Today’s headlines from the world of the interface between people and planet opens again with the story of the year, at least so far.
From Foreign Policy, a frightener by a public health expert:
You Are Not Nearly Scared Enough About Ebola
- Experimental drugs and airport screenings will do nothing to stop this plague. If Ebola hits Lagos, we’re in real trouble.
Attention, World: You just don’t get it.
You think there are magic bullets in some rich country’s freezers that will instantly stop the relentless spread of the Ebola virus in West Africa? You think airport security guards in Los Angeles can look a traveler in the eyes and see infection, blocking that jet passenger’s entry into La-la-land? You believe novelist Dan Brown’s utterly absurd description of a World Health Organization that has a private C5-A military transport jet and disease SWAT team that can swoop into outbreaks, saving the world from contagion?
Wake up, fools. What’s going on in West Africa now isn’t Brown’s silly Inferno scenario — it’s Steven Soderbergh’s movie Contagion, though without a modicum of its high-tech capacity.
The Associated Press adds a new number:
Ebola may leave 1 million starved
The deadly Ebola virus that has killed more than 1,000 in West Africa is disrupting the flow of goods, forcing the United Nations to plan food convoys for up to a million people as hunger threatens the largely impoverished area.
Amid roadblocks manned by troops and pervasive fear among the population of the dreaded disease, the worst-ever outbreak of Ebola is increasingly impacting the food supply in three countries.
While none of the regulations restricts the movement of basic necessities, fear and inconvenience are disrupting supplies. Some 1 million people in isolated areas might need food assistance in the coming months, according to the U.N. World Food Program, which is preparing a regional emergency operation to bring food by convoy to the needy.
From the Associated Press again, ramped up efforts:
Liberia expands Ebola treatment in capital
Liberian authorities expanded Ebola treatment centers in the capital Saturday to cope with increasing numbers of patients, while two more airlines announced they were halting flights to the capitals of Liberia and Sierra Leone amid the deepening crisis.
Kenya Airways and regional carrier Gambia Bird join a number of other airlines in temporarily cancelling flights to avoid transmitting the disease beyond the four countries already affected in West Africa.
The Kenya Airways flights will stop as of midnight Tuesday, said Titus Naikuni, the chief executive officer of Kenya Airways. The decision was made with guidance from the country’s health ministry, Naikuni said. Gambia Bird said it had stopped flying to Sierra Leone, Liberia and Nigeria.
And the New York Times offers hope for a very, very few:
3 Liberian Health Workers With Ebola Receive Scarce Drug After Appeals to U.S.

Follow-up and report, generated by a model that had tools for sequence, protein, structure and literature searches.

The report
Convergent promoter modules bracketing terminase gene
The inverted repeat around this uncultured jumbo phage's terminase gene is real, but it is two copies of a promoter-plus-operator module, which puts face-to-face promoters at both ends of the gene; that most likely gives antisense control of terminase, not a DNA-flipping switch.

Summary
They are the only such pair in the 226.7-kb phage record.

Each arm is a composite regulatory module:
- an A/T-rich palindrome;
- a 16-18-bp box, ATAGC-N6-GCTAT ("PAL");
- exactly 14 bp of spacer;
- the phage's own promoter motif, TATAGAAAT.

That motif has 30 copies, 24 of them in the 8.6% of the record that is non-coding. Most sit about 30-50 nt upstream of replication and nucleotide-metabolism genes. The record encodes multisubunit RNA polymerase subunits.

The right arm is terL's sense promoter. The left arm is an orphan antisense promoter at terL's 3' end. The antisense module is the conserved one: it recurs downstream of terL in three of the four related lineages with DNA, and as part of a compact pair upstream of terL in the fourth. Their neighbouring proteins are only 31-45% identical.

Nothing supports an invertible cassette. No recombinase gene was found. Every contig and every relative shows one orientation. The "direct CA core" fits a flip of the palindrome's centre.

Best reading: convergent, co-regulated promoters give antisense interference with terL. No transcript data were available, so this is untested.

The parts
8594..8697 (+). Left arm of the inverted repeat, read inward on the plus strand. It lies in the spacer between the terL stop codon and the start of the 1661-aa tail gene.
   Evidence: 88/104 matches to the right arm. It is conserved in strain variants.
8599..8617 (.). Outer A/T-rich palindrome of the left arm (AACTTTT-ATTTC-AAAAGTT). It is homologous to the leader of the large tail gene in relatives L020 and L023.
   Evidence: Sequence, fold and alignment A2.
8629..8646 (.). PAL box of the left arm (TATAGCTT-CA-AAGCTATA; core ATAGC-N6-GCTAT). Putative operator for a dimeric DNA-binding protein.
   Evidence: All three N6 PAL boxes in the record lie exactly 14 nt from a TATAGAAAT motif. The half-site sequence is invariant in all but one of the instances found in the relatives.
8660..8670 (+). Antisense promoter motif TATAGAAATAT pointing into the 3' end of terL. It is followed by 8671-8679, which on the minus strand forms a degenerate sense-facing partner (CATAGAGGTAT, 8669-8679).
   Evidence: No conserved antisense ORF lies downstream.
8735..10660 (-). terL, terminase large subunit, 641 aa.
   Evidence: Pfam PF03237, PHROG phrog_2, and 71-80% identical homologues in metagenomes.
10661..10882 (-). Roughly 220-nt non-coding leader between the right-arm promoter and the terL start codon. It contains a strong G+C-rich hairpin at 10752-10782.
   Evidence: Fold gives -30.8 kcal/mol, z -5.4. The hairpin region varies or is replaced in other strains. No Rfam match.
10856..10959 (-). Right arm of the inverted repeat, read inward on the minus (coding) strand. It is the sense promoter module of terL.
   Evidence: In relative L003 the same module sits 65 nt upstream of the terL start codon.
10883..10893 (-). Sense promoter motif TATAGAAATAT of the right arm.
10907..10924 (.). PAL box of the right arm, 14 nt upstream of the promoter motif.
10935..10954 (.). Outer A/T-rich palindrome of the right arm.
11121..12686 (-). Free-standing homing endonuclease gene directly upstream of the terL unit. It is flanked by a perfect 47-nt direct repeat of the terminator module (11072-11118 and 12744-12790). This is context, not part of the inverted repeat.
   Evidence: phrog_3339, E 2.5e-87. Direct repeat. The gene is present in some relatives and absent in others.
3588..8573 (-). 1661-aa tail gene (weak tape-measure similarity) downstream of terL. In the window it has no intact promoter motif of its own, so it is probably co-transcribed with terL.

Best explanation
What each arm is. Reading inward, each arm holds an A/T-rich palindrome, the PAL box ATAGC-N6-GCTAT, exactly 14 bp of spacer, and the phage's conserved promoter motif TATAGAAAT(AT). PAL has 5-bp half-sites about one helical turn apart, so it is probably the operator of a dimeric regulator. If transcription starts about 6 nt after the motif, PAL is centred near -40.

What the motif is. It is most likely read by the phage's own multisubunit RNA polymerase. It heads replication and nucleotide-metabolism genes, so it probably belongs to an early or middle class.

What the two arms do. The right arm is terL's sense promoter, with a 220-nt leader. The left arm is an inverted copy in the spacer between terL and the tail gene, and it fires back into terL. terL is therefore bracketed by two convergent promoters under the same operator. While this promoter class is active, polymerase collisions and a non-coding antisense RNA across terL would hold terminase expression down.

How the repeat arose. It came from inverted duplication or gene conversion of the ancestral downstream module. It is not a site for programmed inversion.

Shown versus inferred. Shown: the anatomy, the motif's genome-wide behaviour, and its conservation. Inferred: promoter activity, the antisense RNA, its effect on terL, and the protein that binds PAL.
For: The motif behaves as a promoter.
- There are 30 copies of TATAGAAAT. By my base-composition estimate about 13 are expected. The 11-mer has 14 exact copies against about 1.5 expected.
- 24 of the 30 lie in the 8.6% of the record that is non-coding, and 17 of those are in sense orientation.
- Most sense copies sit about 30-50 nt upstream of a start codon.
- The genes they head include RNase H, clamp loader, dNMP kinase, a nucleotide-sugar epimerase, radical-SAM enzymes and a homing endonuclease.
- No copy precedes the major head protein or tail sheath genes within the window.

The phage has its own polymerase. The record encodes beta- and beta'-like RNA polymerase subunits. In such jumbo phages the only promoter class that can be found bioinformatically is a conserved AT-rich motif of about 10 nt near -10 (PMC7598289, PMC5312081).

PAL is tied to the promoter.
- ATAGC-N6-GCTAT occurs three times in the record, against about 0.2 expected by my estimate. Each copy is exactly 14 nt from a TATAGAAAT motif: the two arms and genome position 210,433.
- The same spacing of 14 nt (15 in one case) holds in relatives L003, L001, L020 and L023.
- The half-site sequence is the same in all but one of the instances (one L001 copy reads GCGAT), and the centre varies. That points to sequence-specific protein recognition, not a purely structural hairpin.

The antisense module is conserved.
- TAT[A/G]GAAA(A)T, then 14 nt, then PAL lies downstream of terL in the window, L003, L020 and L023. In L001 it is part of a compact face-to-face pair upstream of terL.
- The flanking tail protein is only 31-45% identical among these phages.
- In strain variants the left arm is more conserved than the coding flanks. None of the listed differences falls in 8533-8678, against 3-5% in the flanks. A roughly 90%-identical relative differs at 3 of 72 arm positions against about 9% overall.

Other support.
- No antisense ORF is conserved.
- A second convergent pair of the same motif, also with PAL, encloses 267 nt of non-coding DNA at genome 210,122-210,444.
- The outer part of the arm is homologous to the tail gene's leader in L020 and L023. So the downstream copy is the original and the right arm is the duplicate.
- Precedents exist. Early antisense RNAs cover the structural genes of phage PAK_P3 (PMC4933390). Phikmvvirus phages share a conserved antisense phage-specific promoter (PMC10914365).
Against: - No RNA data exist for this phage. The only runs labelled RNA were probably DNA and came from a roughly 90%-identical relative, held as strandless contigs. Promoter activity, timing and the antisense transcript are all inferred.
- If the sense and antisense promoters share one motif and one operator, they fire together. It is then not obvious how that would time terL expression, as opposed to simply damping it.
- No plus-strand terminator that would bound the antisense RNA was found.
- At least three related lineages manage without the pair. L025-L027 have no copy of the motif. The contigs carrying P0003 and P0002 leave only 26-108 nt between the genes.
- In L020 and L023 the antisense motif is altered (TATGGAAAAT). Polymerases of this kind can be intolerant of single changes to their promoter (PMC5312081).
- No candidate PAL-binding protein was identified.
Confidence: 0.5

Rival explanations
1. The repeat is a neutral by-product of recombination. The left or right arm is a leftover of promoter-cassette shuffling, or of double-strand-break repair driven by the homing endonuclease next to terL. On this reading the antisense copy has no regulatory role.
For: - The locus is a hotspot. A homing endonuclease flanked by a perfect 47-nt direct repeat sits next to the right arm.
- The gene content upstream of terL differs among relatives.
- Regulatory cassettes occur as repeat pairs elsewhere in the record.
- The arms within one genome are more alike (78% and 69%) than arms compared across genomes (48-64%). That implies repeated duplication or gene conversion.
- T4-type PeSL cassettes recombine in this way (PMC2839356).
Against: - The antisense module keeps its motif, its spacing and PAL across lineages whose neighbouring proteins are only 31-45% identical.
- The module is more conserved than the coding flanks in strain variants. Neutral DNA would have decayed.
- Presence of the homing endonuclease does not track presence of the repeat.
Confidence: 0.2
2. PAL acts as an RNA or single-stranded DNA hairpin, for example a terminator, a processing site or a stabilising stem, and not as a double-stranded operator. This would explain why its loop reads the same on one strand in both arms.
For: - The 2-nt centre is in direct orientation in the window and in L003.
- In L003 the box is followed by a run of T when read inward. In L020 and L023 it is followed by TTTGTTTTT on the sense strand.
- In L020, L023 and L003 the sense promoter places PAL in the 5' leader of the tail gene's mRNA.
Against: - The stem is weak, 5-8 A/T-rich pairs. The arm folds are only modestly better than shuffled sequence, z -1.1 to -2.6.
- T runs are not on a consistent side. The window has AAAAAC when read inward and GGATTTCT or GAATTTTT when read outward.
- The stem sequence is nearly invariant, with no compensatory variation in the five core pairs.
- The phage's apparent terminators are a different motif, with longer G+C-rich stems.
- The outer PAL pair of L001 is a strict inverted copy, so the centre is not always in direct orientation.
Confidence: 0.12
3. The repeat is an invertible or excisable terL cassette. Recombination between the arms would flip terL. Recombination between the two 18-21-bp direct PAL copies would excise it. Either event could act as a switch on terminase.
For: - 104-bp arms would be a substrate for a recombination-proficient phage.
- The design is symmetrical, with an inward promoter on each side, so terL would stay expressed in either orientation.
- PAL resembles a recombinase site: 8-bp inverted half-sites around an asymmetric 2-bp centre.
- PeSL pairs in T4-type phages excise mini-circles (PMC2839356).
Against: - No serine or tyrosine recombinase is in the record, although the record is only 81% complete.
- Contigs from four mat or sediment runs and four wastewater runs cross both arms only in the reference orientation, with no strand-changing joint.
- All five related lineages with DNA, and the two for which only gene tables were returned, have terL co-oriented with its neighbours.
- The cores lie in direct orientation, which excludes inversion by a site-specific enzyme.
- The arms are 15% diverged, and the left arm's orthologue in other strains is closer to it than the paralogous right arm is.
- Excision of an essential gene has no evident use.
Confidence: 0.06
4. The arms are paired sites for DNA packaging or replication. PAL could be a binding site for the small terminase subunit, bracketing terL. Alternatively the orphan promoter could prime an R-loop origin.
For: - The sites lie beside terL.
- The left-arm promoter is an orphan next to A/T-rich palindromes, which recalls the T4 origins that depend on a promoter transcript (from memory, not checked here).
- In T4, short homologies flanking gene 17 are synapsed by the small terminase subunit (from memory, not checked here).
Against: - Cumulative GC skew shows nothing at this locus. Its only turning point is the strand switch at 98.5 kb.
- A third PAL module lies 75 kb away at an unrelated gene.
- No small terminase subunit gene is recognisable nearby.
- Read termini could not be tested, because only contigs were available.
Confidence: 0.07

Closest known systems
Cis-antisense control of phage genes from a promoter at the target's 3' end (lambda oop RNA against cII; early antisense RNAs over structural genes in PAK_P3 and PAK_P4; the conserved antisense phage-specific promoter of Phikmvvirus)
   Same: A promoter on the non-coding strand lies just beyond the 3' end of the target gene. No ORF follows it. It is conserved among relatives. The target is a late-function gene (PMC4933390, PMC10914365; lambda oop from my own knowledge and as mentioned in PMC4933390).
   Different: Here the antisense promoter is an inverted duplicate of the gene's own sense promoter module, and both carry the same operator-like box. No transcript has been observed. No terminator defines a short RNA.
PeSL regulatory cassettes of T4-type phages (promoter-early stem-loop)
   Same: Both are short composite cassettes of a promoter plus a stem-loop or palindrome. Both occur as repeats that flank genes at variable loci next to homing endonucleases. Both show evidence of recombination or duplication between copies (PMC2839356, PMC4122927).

Three Liberian health care workers who have contracted Ebola received an extremely scarce experimental serum on Friday at a hospital outside the national capital, Monrovia, a Liberian health official said Saturday.
The official, Tolbert G. Nyenswah, an assistant minister of health and social welfare, would not say if any of the three were doctors.
The drug, a mix of monoclonal antibodies called ZMapp, has been tested in animals, but has not been studied for safety or effectiveness in humans. It arrived in Liberia on Wednesday after appeals by leaders there to top officials in the United States and a letter from President Ellen Johnson Sirleaf of Liberia to President Obama.
From the New York Times again, a quackery alert:
Agencies Issue Warnings Over Bogus Ebola Cures
Panic over Ebola has the makers of dietary supplements aggressively targeting Africans, claiming to have a cure for the lethal virus.
Late this week, both the World Health Organization and the United States Food and Drug Administration issued strong warnings about false Ebola cures. The latter threatened American companies with penalties if they continue making such claims. Neither agency listed products or companies they accused of fraud or explained why they had acted so suddenly.
Nigeria’s health minister was widely reported on Thursday to have endorsed an American nutritional supplement, one that the W.H.O. said was an example of the sort of “false rumors of effective products” it was trying to quell.
The Japan Times reassures:
Ebola unlikely to spread to Japan: health ministry
The Ebola outbreak that has killed more than 1,000 people in West Africa recently is unlikely to spread to Japan, health ministry officials say.
Although the probability is deemed low, Japan is making preparations at international airports and other entry points to deal with the possible arrival of Ebola-infected people, the officials also say.